After penning article on his health, Hunt taken off of UFC Fight Night 121 card

October 11, 2017

The UFC has pulled Mark Hunt from his main event match against Marcin Tybura in Australia for UFC Fight Night 121 this November citing medical concerns.  The concerns were made known after Hunt penned an article entitled, “If I die fighting, that’s fine.”

Fabricio Werdun will get the quick turnaround and fill-in for Hunt against Tybura.

The UFC pulled Hunt based on the article, in Player’s Voice (an offshoot of the U.S. version of The Player’s Tribune) as it stated that Hunt suffered from short-term memory loss and acknowledges that he is slurring his words.  In the article, he advocates for the expansion of the Ali Act to MMA and advises his children to do something aside from MMA.  In the article, he cites the “drug cheats” he faced in the sport including Brock Lesnar.

The UFC issued a statement to an Australian news outlet explaining its decision (via MMA Junkie):

“Following a recent first-person article published by UFC heavyweight Mark Hunt, UFC has taken the precautionary steps of removing Hunt from a previously announced bout in Sydney, Australia,” a statement first issued to read. “The health-related statements made by Hunt in the article represent the first time UFC was made aware of these claims. Athlete health and safety is of the utmost importance to the organization and it would never knowingly schedule an athlete complaining of health issues for a fight. The organization will require that Hunt undergo further testing and evaluations prior to competing in any future UFC bout.”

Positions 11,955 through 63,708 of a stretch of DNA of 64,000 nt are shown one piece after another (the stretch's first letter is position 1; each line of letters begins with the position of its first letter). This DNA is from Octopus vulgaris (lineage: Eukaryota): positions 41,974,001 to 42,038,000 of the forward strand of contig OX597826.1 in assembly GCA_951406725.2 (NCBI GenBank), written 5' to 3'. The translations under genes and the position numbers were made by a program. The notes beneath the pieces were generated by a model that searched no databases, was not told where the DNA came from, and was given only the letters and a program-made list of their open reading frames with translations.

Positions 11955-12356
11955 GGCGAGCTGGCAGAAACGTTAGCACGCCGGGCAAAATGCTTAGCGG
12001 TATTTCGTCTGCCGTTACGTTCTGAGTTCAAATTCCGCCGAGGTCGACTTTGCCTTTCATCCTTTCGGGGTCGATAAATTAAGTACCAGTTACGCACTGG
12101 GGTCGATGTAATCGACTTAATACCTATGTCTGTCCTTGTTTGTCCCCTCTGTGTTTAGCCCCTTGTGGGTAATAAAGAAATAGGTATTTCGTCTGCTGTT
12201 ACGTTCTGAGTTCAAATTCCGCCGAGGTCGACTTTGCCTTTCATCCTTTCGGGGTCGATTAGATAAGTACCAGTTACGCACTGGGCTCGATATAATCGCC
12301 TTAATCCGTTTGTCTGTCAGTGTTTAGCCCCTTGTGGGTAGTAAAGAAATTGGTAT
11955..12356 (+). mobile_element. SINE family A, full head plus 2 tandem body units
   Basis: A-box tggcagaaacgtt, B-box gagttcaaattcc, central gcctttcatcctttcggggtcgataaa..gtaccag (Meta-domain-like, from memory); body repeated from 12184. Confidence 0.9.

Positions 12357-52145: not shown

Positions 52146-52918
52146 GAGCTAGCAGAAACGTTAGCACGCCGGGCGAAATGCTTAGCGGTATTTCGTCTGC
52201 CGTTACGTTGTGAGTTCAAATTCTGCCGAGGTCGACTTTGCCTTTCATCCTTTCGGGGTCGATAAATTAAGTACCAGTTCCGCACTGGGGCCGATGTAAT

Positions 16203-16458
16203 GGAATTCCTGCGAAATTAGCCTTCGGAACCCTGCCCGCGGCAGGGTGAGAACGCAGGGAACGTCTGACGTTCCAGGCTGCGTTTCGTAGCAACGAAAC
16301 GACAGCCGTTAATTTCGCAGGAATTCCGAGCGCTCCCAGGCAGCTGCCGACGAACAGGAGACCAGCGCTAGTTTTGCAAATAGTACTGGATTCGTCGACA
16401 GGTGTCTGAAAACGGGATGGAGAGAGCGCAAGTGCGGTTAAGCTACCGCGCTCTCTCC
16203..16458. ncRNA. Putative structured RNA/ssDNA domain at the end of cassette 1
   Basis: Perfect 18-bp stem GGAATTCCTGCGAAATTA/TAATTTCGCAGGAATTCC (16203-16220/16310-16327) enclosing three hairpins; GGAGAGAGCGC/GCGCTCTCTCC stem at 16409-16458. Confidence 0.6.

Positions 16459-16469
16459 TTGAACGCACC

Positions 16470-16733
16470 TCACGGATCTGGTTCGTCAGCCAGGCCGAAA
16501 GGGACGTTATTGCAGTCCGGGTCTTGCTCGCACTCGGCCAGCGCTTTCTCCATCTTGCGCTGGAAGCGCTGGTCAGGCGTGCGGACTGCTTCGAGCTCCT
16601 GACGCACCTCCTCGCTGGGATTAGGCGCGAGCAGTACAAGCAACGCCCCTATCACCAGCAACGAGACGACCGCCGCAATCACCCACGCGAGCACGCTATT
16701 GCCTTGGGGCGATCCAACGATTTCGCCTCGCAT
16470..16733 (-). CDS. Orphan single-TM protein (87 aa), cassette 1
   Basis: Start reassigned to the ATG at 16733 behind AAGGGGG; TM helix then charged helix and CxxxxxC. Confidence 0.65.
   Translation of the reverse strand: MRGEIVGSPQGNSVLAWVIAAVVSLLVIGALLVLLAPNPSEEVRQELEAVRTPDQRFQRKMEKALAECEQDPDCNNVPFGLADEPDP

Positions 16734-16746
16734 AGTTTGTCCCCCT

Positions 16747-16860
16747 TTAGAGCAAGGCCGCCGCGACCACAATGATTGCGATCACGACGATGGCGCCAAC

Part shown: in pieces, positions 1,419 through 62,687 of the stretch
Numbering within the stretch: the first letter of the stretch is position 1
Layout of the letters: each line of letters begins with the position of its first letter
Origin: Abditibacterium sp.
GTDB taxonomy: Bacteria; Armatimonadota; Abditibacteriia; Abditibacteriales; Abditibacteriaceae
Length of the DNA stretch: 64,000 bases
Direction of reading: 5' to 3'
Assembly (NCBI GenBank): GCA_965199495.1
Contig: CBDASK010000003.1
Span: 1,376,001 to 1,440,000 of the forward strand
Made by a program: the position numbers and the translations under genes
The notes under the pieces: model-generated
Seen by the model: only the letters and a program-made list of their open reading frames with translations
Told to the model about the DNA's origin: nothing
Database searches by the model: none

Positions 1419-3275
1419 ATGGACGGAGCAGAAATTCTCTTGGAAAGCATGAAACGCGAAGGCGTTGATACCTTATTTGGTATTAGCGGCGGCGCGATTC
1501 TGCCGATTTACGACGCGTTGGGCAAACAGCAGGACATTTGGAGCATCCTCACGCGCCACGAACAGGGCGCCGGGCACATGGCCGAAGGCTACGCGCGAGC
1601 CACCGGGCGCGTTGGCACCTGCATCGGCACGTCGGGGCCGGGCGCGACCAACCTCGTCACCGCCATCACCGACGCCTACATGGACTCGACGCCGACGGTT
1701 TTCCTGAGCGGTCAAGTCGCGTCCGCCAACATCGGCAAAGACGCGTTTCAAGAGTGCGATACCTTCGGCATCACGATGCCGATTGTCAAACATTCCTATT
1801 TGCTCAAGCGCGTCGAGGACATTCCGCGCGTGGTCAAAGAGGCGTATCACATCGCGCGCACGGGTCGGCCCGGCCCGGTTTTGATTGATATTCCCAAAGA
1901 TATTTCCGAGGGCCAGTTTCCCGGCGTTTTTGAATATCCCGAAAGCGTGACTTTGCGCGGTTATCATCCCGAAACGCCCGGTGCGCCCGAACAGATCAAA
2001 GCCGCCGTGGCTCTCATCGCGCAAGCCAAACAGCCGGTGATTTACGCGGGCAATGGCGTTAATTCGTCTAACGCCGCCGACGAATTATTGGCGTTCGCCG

Hunt is not pleased with this outcome and took to Instagram to blast Dana White and threated to sue.  The case is currently pending.

As we know, Hunt has sued the UFC, Dana White and Brock Lesnar.

Payout Perspective:

This is a sticky situation for the UFC as Hunt publicly notes that he is fine with dying in the ring and lists some serious physical injuries which may likely be long-term health issues.  This could lead to potential liability especially if the UFC allows Hunt to continue the fight despite his statements that he is suffering from short-term memory loss from what he believes is related to fighting.  Also, the UFC is engaged in a lawsuit with Hunt and now Hunt is claiming that he may sue for taking him off the card.  Frankly, the UFC may be in a situation where it may feel like it will have to sever ties with Hunt because it cannot allow him to continue to fight.  Perhaps the UFC and Hunt come together to have a physician examine him to determine whether he can continue to fight.  But, I would suggest that the UFC takes a conservative approach to allow him to fight (maybe a Daniel Bryan-WWE situation if you follow that).  This will be an interesting issue to keep track of moving forward.

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